All That Jazz 

National Black Arts Festival brings jazz Vocalist Abbey Lincoln to the Rialto

It's probably the former (way former) trumpeter in me insisting that Abbey Lincoln's all-time greatest contribution to the many arts and causes to which she has turned her attention is her cameo as Lillian Gilliam in Spike Lee's 1990 split-lip trumpeter tragedy Mo' Better Blues. Denzel Washington played the trumpet, and I played the trumpet. Denzel's a talented, Academy Award-winning hunk, ergo I am a talented ... well, you get the idea.

But, of course, most film buffs would probably argue in favor of her lead role in the Jim Crow-era love story and tragedy Nothing But a Man, or perhaps the lighter, romantic racial-dynamics romp For Love of Ivy, in which she acted opposite Sidney Poitier, the other black man to win the Academy Award for Best Actor. Coincidence? I think not.

Are you getting that Lincoln trends a little political? You might have guessed it from her stage name. Yes, she was deeply involved in the Civil Rights Movement, did benefits for CORE and the NAACP, and partnered with (not to mention married) Max Roach on We Insist! Max Roach's Freedom Now Suite.

OK, OK, I hear the jazz men and women tapping out their angry letters in syncopated rhythms. Because, of course, it's neither film nor politics for which we know Lincoln best. As both a vocalist and composer, Lincoln has given her best to jazz. (Rewind a paragraph now so I can say that one of the best of her best was "Triptych," her duet with Roach on We Insist!. Pause there a moment more so I can say that, after her youthful supper club days, Lincoln's music has often been political, a tendency that seems to have hindered her early success in America, but that later endeared her to France's Verve, the record company created around Ella Fitzgerald in 1955. Why do the French seem to get our jazz better than we do?)

Lincoln, whose performances in Atlanta have been well received in recent years, returns July 21 for the National Black Arts Festival, which is offering a jazz-heavy lineup of musical acts this year.

Creeping up on her 75th birthday, Lincoln remains remarkably prolific, a more long-lived Lady Ella and less self-destructive Billie Holiday. As might be expected, her music has softened some: a little less of the screaming to be found on We Insist!, a little more melancholy, last-call reflection. Still singing the tough truths, but tempered, perhaps, by the perspective of years.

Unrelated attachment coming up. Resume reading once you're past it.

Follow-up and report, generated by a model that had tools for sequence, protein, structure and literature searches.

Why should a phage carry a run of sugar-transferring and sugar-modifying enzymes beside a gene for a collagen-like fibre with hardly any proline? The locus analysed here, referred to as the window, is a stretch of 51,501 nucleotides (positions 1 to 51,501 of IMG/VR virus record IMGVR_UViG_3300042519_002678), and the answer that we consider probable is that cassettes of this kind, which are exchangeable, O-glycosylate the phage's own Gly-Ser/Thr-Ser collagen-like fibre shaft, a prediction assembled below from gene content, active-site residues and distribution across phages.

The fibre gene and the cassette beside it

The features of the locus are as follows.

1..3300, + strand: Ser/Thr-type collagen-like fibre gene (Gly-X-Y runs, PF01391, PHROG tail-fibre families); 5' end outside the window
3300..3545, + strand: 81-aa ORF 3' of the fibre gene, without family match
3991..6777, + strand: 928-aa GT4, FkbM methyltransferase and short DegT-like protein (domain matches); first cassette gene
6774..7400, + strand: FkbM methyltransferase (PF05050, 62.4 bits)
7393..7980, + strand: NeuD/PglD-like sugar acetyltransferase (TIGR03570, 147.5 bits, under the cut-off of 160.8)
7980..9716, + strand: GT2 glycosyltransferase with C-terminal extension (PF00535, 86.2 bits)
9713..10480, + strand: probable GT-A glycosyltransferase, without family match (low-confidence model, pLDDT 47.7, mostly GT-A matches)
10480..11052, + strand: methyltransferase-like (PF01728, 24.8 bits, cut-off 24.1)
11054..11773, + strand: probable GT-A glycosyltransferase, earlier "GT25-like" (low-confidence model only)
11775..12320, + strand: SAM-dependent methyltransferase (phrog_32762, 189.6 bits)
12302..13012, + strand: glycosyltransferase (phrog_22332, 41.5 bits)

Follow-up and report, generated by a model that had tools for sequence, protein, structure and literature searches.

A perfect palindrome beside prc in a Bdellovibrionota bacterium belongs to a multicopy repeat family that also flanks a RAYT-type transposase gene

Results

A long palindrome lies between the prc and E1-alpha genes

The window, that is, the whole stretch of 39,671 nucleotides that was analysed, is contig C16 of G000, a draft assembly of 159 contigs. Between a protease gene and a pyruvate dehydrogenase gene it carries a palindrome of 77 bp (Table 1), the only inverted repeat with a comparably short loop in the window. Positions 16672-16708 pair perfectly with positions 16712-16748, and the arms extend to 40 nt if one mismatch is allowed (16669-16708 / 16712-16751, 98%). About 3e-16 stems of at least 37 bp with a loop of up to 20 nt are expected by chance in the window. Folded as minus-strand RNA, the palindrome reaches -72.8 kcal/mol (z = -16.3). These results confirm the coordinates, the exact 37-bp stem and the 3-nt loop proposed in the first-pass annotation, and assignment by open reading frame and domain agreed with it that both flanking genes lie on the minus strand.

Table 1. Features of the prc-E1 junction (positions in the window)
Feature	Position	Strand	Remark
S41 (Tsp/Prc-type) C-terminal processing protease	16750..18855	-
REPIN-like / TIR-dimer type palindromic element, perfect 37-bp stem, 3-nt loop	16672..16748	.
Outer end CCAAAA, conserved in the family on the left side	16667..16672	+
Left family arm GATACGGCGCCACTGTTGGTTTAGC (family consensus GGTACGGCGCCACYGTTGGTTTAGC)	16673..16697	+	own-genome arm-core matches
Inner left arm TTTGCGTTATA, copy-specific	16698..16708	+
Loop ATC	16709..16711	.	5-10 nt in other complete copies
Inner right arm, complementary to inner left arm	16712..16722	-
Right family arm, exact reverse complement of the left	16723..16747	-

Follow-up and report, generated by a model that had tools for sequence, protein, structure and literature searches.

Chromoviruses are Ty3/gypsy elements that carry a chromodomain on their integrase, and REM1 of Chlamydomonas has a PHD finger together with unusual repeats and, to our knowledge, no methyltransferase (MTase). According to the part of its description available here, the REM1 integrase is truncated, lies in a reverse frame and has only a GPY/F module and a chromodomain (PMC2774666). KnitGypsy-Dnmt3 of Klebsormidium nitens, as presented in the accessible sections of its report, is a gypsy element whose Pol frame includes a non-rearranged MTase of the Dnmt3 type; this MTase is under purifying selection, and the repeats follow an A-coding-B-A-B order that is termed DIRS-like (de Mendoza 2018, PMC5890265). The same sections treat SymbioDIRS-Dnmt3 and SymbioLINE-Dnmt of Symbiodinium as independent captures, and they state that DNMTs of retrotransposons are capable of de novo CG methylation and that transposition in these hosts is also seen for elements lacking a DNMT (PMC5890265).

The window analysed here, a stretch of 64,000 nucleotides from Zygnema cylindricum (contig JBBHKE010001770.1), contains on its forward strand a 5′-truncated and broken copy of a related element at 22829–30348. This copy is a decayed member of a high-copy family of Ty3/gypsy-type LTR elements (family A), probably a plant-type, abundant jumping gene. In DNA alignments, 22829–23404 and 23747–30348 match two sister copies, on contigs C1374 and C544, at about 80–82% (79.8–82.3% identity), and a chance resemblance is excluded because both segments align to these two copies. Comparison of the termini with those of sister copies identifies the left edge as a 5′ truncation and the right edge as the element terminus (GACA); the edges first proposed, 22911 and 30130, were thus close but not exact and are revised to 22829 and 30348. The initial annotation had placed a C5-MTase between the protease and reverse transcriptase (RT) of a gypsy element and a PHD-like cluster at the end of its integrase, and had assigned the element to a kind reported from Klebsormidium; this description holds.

But if she ever needs a trumpeter ... aw, who am I kidding? Better call Denzel.

And All That Other Music (Some of It Also Jazz) at the National Black Arts Festival

Atlanta's own avant-garde jazz jam, the Dennis Springer Quartet, performs at the Abernathy Arts Center July 15. Free. 7 p.m. 254 Johnson Ferry Road. 404-303-6172.

Can you name all four of the Neville Brothers? Then you already know their particular blend of soul, R&B, and a groovy dash of everything else. See them July 15 at the Woodruff Center's Alliance Theatre. $36-$46. 8 p.m. 1280 Peachtree St. 404-733-5000.

Jazz trumpeter Marcus Printup, currently of the Lincoln Center Jazz Orchestra but originally of our own Virgin-spotting Conyers, will be the featured musician at a special extended version of the High Museum's "Friday Night Jazz" July 15, jamming out till midnight. $10-$15. 5 p.m. 1280 Peachtree St. 404-733-4400.

Jazz and grass: perfect together. So July 17, Spelman College presents "Jazz on the Lawn," featuring Bernard Linette's Interactive Sextet, an Atlanta band that does a blend of trad jazz, Latin and avant-garde. Free. 3 p.m. 350 Spelman Lane. 404-270-5325.

Atlanta jazz percussionist Chris Burroughs heads up a trio with Takana Myomoto and Ede Wright when the Chris Burroughs Trio plays July 22 at the Southwest Fulton Arts Center. Free. 7 p.m. 915 New Hope Road. 404-505-3220.

Atlanta Symphony Orchestra presents Classics from the Next Generation on July 22, featuring violin virtuoso Mariana Green-Hill and Atlanta piano prodigy Tre Fortenberry. Free. 7 p.m. 4245 Cascade Road. 404-733-4949.

At Jazz at the Renaissance, drummer Jimmy Jackson and Atlanta vet Mose Davis head up a July 22 tribute to soul jazz pioneer Jimmy Smith, who died in February. $15. 10 p.m. Renaissance Hotel, 590 W. Peachtree St. 404-730-7315

Acoustic soul singer/songwriter Tony Rich makes with the R and the B July 22 in the Loft at EarthLink Live. $10. 10 p.m. 1374 W. Peachtree St. 404-885-1356.

Hip-hop band Nappy Roots brings its Kentucky-fried country sound to the Loft at EarthLink Live July 23. $10. 10 p.m. 1374 W. Peachtree St. 404-885-1356.

The Atlanta Symphony Orchestra sings its sweet strings July 24 in Sweet Auburn at Ebenezer Baptist Church's Horizon Sanctuary. Free. 7 p.m. 400 Auburn Ave. 404-730-7315.


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